When Erasmus opens doors

Created by Lena Kuhn

Although he has yet to receive his certificate, Ayoub Laghrissi can soon call himself a doctor. He wrote his thesis at the Institute of Material and Surface Technology at the University of Applied Sciences. “I defended it in February. I still don’t have the right to call myself a doctor, as I have not yet received my final certificate. But If anyone called me a doctor, that would be okay,” he jokes. The former Erasmus student from the Université Mohammed V de Rabat came to Kiel for his Master’s (studies) in 2016 via the Erasmus+ International program that allows for an exchange beyond the European borders. This project is targeted at students in the higher stages of their education, either in their Master’s or right after their Master’s degree, or if they are looking to  carry out doctoral/post-graduate work.

“A team from the FH came to my university, presented the projects and then selected a few students to take part in the exchange,” Ayoub says. In June 2016, he first came to Germany. The plan was to stay for a year, then to go back to Morocco or somewhere else. “But in that year, Professor Es-Souni said I could finish my PhD in Germany, if I wanted to,” he remembers. Prof. Es-Souni arranged for Ayoub to join a project and took care of financing it.

“I was doing my PhD and at the same time I was working as a Wissenschaftlicher Mitarbeiter for the Forschungs- and Entwicklungs-GmbH.” This work was also international. “I was working on a project between Kiel in Germany and Sønderborg in Denmark.” This was to finance his life in Kiel, while simultaneously working on his PhD. “To me, this offer was really nice. So I stayed in Kiel and started working on this project and on my thesis.”

When asked about the content of his thesis, Ayoub gets very excited. “It was about the synthesis of noble metal catalysts, so-called nano-catalysts, in the application of fuel to produce hydrogen and then source clean energy from said hydrogen.” The demand for energy is high and will likely rise. “Everyone is trying to change how we can produce energy from hydrogen.” This substance, however, is somewhat rare. “Pure hydrogen is not everywhere. But in compounds, it is in water, in methanol, or formic acid.” Where to find it is easy. But to access the energy within the hydrogen is the tricky part. “Converting the chemical energy from the hydrogen into electrical energy,” is the answer. This can be done via electrochemistry. And while it sounds easy on paper, it is not so easy in reality. “This process requires electrodes that are based on noble metals. They are really expensive,” he explains. “They are called noble for something.” He laughs. Noble could mean expensive. In chemical terms, it means something else; they are slow to react or become oxidized. “The idea of my thesis is to think of some strategies to reduce the content of noble metals. I am using nano-structures to reduce the load of costly materials. You could also try to combine noble metals with cheaper metals. It would also be possible to recreate the structure of noble metals with nanodes or nanotubes.”

Also he focused on the source of hydrogen. “Water is everywhere, and for this use you can use seawater, not only the water we drink.” To produce hydrogen, the two components of the water molecule need to be split. This has been a tried-and-tested method for a long time. “But the thing is efficiency. The efficiency of current apparatuses to do that is not that high and the materials used cost a lot.” To solve this, he tried to use electrochemistry.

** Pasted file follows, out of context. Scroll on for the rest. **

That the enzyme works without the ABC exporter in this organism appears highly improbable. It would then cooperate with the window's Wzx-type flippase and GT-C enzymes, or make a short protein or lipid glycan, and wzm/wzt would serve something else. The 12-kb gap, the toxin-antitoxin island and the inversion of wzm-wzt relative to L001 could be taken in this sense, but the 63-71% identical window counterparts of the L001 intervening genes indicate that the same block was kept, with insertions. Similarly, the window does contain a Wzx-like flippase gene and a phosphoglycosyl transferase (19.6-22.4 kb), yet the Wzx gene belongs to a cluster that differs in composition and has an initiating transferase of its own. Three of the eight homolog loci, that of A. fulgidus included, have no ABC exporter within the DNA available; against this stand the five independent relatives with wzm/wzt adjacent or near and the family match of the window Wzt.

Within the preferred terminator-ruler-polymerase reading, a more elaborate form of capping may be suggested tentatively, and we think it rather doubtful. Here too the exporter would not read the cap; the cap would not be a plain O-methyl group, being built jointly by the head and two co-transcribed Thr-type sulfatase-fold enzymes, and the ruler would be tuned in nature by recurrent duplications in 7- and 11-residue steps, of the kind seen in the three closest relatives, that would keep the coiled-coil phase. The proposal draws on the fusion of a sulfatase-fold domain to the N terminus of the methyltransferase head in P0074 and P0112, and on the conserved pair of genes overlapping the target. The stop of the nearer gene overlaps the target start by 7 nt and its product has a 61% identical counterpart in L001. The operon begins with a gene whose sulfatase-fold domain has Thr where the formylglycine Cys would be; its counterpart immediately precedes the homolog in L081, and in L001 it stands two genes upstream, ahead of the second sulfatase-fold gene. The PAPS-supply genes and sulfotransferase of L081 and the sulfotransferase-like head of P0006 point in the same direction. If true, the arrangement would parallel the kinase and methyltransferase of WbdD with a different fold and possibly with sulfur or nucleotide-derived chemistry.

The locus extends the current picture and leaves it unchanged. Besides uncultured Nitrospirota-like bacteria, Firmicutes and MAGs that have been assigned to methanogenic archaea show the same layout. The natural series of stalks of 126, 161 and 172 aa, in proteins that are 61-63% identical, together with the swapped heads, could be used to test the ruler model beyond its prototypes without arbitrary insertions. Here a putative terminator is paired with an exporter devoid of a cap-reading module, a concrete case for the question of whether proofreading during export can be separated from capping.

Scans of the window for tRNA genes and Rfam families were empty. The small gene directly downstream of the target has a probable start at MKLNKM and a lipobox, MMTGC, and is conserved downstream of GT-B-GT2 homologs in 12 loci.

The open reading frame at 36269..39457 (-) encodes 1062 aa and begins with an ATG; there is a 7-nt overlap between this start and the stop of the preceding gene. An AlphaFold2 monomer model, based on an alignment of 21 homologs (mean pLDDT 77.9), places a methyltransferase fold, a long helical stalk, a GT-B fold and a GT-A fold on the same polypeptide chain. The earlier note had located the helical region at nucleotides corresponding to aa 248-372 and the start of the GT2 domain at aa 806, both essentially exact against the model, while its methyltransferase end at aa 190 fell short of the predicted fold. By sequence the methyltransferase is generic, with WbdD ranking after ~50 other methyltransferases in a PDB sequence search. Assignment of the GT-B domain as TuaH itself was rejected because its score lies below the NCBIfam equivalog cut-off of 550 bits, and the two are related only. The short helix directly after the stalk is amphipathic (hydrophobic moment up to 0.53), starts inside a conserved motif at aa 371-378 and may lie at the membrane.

Since a PhD at a University of Applied Sciences is not possible without a university, he collaborated with Professor Faupel from the Christian-Albrechts-University in Kiel. “All the work was done in the FH with Professor Es-Souni. The final defence was done by Prof. Faupel”, Ayoub explains. “This system is unique to Germany”, he finds.

After almost five years in Germany, Ayoub noticed a lot of differences in the way university and studies work in Germany compared to his university in Rabat, the capitol of Morocco. “It’s completely different,” he sums up: “In Germany, students attend lectures, ask questions and have a discussion with the professor. But they don’t write much down.” This is the opposite to his experience in Morocco. Losing focus during a lecture was detrimental. “You wrote down everything the professor said and understanding is to be done after the lecture,” he explains. “If you wanted to do both, understanding and writing, you would need a lot of focus.” Another big difference lays in the way research is conducted. “Unfortunately, in Morocco, the government does not provide a lot of money for research. There aren’t a lot of facilities for research.” Although this has recently changed, there are still not enough possibilities to facilitate all the PhD students. Therefore, a lot of research is conducted theoretically. “You see, I am working in material science. I need to prepare things, I need to test them, I need to change things up and so on.” Doing this only in simulations can be educational, but in this field it is not optimal, he claims.

After his PhD, he is far from finished. His next project is already in progress. “I am now a post-doc in Sønderborg.” After having worked on a project there during his PhD, he knew some people there. “It’s not the same project I worked on, but that helped me. There was an offer for a really nice research project in Nanophysics.” For the next two years, he will be researching the use of nano-trains to deliver drugs to a specific target in the human body. Another door that was – in some ways – opened by Erasmus.

© Fachhochschule Kiel